References[edit]

  1. ^ a b c Sullivan, Ronald (November 17, 1985). "Stuart Chase, 97, Coined phrase "A New Deal"". New York Times. Retrieved 2014-04-13. "Stuart Chase, an economist and member of President Franklin D. Roosevelt's brain trust who coined the phrase a New Deal, died yesterday at his home in Redding, Conn. He was 97 years old... During the 1960's, Mr. Chase was a strong advocate of the Great Society programs of President Lyndon B. Johnson... Mr. Chase opposed warfare and aligned himself with isolationists who opposed United States entry into World War II." 
  2. ^ Norman Silber. "Chase, Stuart"; http://www.anb.org/articles/14/14-00950.html; American National Biography Online Feb. 2000. Access Date: Wed Nov 06 2013 16:06:31 GMT-0500 (EST) Copyright © 2000 American Council of Learned Societies. Published by Oxford University Press.
  3. ^ a b Westbrook, Robert B. "Tribune of the Technostructure:the Popular Economics of Stuart Chase". American Quarterly, Vol.32, Autumn 1980, pp. 387–408.
  4. ^ Chapman, Richard N., "A Critique of Advertising: Stuart Chase on the "Godfather of Waste"" in Sammy Richard Danna (ed.), Advertising and Popular Culture: Studies In Variety and Versatility. Popular Press, 1992 ISBN 0-87972-528-1 (p.23-29).
  5. ^ a b c d e f Silber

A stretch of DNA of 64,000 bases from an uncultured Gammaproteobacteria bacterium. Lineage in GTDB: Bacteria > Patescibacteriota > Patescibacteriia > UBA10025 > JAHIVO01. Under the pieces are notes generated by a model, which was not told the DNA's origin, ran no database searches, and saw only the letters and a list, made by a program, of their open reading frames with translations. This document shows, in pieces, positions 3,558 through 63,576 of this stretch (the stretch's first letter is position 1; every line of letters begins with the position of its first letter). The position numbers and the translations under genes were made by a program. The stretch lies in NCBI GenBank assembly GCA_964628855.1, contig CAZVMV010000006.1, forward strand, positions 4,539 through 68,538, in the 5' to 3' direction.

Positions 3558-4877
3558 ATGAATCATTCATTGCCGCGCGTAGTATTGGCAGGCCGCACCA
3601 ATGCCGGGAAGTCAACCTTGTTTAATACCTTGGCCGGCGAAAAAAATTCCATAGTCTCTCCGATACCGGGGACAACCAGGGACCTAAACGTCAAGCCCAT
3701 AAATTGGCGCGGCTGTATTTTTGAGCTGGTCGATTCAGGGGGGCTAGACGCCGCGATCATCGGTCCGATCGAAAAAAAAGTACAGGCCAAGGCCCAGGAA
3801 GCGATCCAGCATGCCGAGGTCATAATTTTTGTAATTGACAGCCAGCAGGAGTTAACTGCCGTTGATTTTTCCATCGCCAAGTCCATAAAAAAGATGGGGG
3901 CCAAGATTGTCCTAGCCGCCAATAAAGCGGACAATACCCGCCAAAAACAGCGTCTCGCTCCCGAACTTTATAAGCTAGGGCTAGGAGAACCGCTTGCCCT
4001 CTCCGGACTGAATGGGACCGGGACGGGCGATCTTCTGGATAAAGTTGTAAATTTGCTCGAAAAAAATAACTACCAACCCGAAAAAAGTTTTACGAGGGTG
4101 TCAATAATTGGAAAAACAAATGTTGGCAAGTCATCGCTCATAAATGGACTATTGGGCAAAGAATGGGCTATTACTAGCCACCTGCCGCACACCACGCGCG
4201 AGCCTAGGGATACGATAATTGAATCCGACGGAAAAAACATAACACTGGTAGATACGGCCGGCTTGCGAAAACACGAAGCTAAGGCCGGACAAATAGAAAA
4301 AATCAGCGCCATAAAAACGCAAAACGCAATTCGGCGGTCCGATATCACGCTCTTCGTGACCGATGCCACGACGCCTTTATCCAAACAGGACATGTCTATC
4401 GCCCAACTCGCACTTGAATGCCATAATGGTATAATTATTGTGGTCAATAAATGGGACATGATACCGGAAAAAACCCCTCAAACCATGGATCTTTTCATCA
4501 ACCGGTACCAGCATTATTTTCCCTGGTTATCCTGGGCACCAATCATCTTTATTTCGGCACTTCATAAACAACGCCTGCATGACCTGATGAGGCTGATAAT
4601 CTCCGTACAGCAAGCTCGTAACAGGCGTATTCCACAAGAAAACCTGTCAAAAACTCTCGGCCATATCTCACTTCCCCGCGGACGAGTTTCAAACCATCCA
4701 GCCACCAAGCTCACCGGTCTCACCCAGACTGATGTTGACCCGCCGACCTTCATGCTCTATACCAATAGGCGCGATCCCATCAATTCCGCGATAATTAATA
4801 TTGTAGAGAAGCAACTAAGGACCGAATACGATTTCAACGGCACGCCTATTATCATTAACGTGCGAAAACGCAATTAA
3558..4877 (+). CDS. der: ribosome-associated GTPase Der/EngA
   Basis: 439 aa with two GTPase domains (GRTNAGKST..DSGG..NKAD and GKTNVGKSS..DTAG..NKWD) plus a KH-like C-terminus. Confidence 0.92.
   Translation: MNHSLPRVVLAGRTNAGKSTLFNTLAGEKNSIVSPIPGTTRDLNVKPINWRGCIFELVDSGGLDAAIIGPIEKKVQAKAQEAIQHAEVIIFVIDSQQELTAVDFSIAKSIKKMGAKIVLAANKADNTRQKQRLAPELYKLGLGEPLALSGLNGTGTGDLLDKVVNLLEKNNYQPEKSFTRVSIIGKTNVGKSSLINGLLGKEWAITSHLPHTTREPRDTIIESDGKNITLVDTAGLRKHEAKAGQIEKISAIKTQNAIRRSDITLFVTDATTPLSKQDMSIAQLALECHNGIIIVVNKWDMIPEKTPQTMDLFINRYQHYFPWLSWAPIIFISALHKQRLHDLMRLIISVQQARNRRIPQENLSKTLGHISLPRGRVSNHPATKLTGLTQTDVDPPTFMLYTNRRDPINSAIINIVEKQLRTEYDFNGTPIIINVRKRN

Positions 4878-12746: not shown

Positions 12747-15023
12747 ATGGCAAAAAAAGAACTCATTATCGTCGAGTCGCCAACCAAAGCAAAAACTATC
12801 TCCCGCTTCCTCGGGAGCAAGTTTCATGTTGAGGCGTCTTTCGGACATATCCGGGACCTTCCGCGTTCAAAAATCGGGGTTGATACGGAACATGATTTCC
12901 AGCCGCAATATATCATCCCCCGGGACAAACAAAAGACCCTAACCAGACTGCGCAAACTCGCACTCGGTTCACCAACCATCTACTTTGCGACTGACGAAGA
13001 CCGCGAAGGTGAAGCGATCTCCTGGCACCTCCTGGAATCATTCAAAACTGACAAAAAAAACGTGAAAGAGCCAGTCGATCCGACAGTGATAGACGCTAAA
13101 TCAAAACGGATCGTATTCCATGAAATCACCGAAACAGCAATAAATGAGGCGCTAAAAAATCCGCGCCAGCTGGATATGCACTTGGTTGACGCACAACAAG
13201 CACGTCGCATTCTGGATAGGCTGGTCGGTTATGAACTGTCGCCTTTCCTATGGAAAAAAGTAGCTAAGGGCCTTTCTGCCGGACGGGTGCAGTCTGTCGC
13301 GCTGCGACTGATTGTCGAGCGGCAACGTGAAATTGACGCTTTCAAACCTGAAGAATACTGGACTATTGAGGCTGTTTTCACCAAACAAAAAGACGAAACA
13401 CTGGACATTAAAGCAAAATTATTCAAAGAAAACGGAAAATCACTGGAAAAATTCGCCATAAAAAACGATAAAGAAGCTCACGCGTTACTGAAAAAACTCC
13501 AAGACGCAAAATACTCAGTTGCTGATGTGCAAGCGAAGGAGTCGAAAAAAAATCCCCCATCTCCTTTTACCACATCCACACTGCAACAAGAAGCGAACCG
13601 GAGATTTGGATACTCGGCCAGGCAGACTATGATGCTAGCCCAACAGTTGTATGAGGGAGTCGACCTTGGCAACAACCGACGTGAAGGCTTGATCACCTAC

6. ^ http://books.google.com.kh/books?id=JAwAAAAAMBAJ&pg=PA3&lpg=PA3&dq=Technical+alliance+stuart+chase&source=bl&ots=MPTyW-zy0w&sig=0QclptKL7mkHLA5mb5sp52zVrJg&hl=en&sa=X&ei=eVM8UfDIG4-ZiAfXj4DgCg&ved=0CEQQ6AEwBA#v=onepage&q=Technical%20alliance%20stuart%20chase&f=false Retrieved March-10-13
  7. ^ http://books.google.com.kh/books?id=I1hayhB0DEYC&pg=PA136&lpg=PA136&dq=Technical+alliance+stuart+chase&source=bl&ots=o1NUGm8Esa&sig=SXJx2vKVuTTggfLqQ4vSB71GB00&hl=en&sa=X&ei=eVM8UfDIG4-ZiAfXj4DgCg&ved=0CEYQ6AEwBQ#v=onepage&q=Technical%20alliance%20stuart%20chase&f=false Retrieved March-10-13
  8. ^ a b c Stuart Chase, "Nineteen Propositions About Communism: An Editorial". The Saturday Review of Literature, April 5, 1952, (pp. 20–21).
  9. ^ Gillespie, Nick (January 2008). "Remembering 'the forgotten man'". Reason 39 (8). Retrieved 2010-06-07. "The last sentence of Chase's book is, 'Why should Russians have all the fun remaking a world?'" 
  10. ^ a b Chase, Stuart – The Road We Are Traveling, Page 95, 1942
  11. ^ Chase, Stuart – The Road We Are Traveling, Pages 57, 58 – 1942
  12. ^ Chase, Stuart – The Road We Are Traveling, Page 94, 1942
  13. ^ Chase, Stuart; Tugwell, Rexford; Dunn, Robert (1928). "Catalog Record: Soviet Russia in the second decade". HathiTrust. Retrieved 15 November 2012. 
  14. ^ Nixon, Richard (October 30, 1969). "Richard Nixon: Special Message to the Congress on Consumer Protection.". presidency.ucsb.edu. Retrieved 10 July 2013.